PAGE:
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Big Brain: The Origins and Future of Human Intelligence Hardcover – 4 Apr 2008
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CHOICE Outstanding Academic Title for 2009
'On a planet in which everything seems to be getting bigger (the internet), hotter (our climate) or more numerous (the world's population), Gary Lynch and Rick Granger reveal the intriguing possibility that people with larger brains than us may have been around a few thousand years ago. Their account of the mysteries of the brain and intelligence challenges conventional views in a scholarly yet wonderfully accessible manner.' - Prof. Richard Morris, Director, Centre for Cognitive and Neural Systems, University of Edinburgh, UK, President, Federation of European Neuroscience Societies, Former chair, Brain Research Association of the United Kingdom
'The Lynch and Grainger combination is like mixing gas with fire. In this book there are big, explosive ideas by two ingenious brain scientists.' - Michael Gazzaniga, author of The Ethical Brain
'The brain makes all our hopes, dreams, and fears possible. How did it come to be this way? Look no further than this book. This fascinating and provocative account of the human brain's recent past reminds us that the thing that makes us who we are is a continuously changing organ, and begs the question of where our species is headed next.' – Joseph LeDoux, author of The Emotional Brain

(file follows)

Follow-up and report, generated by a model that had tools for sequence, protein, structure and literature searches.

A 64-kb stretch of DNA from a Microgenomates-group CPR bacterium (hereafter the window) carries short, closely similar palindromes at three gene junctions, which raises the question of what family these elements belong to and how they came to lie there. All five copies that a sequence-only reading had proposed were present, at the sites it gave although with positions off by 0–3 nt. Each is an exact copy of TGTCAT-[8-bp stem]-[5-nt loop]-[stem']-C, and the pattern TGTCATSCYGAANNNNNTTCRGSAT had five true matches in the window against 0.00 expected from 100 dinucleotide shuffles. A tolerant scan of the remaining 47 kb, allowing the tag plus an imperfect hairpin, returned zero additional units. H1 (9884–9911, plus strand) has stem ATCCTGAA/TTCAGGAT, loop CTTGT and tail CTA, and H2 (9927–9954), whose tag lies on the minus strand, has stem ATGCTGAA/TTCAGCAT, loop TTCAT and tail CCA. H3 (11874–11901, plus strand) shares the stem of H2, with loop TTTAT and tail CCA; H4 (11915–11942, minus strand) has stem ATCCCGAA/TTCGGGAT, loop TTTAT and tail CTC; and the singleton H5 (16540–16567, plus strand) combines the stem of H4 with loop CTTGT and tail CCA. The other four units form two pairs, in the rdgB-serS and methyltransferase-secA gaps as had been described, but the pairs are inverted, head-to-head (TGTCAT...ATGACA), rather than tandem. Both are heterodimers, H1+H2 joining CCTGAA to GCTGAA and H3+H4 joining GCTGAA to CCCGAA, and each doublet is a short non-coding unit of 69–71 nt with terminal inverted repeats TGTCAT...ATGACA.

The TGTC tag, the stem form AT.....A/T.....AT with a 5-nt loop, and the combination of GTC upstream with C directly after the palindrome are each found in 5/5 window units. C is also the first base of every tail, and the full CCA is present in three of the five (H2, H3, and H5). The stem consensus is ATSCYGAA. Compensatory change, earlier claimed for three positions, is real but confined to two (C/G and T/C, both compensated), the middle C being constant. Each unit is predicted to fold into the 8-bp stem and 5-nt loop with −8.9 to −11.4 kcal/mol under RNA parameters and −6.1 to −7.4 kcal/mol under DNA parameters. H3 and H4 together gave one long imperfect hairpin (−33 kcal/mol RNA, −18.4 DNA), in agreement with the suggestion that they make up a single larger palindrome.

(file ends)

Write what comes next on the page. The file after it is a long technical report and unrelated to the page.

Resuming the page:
'I've been waiting for someone to write this book for years. I almost wrote it myself – twice – but was distracted by other projects. Now Gary Lynch and Richard Granger have written a much-needed book on big brains.'
William H. Calvin, University of Washington writing in New Scientist
'In this richly illustrated book Lynch and Granger compare the modern brain with that of the Boskop and come to some startling conclusions. Among other things they speculate on how mind power is governed by the size of the brain.' - Good Book Guide
'...a riveting account of how the human brain evolved.' - Nicole Branan, Scientific American Mind
A radical and cutting-edge consideration of the past, present and future of memory, cognition and intelligence.See all Product description
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I will be up front and state that I have read a significant amount of the book and in my opinion it is well reasoned, it is well presented, and as far as I have read based on reasonable evidence.
I would recommend it as readable and it opens up a number of matters which should be considered and discussed.
Mervyn K. Vogt
Most helpful customer reviews on Amazon.com
This book talked too much about the Boskops which was a distraction.
The best part was the theoretical framework for understanding how the human brain evolved from prototype reptilian-dinosaur and primitive mammalian systems.He builds it up step by step.
I also liked his discussion of paleocortex versus neocortex. Human neurons have more interconnections than those of other primates.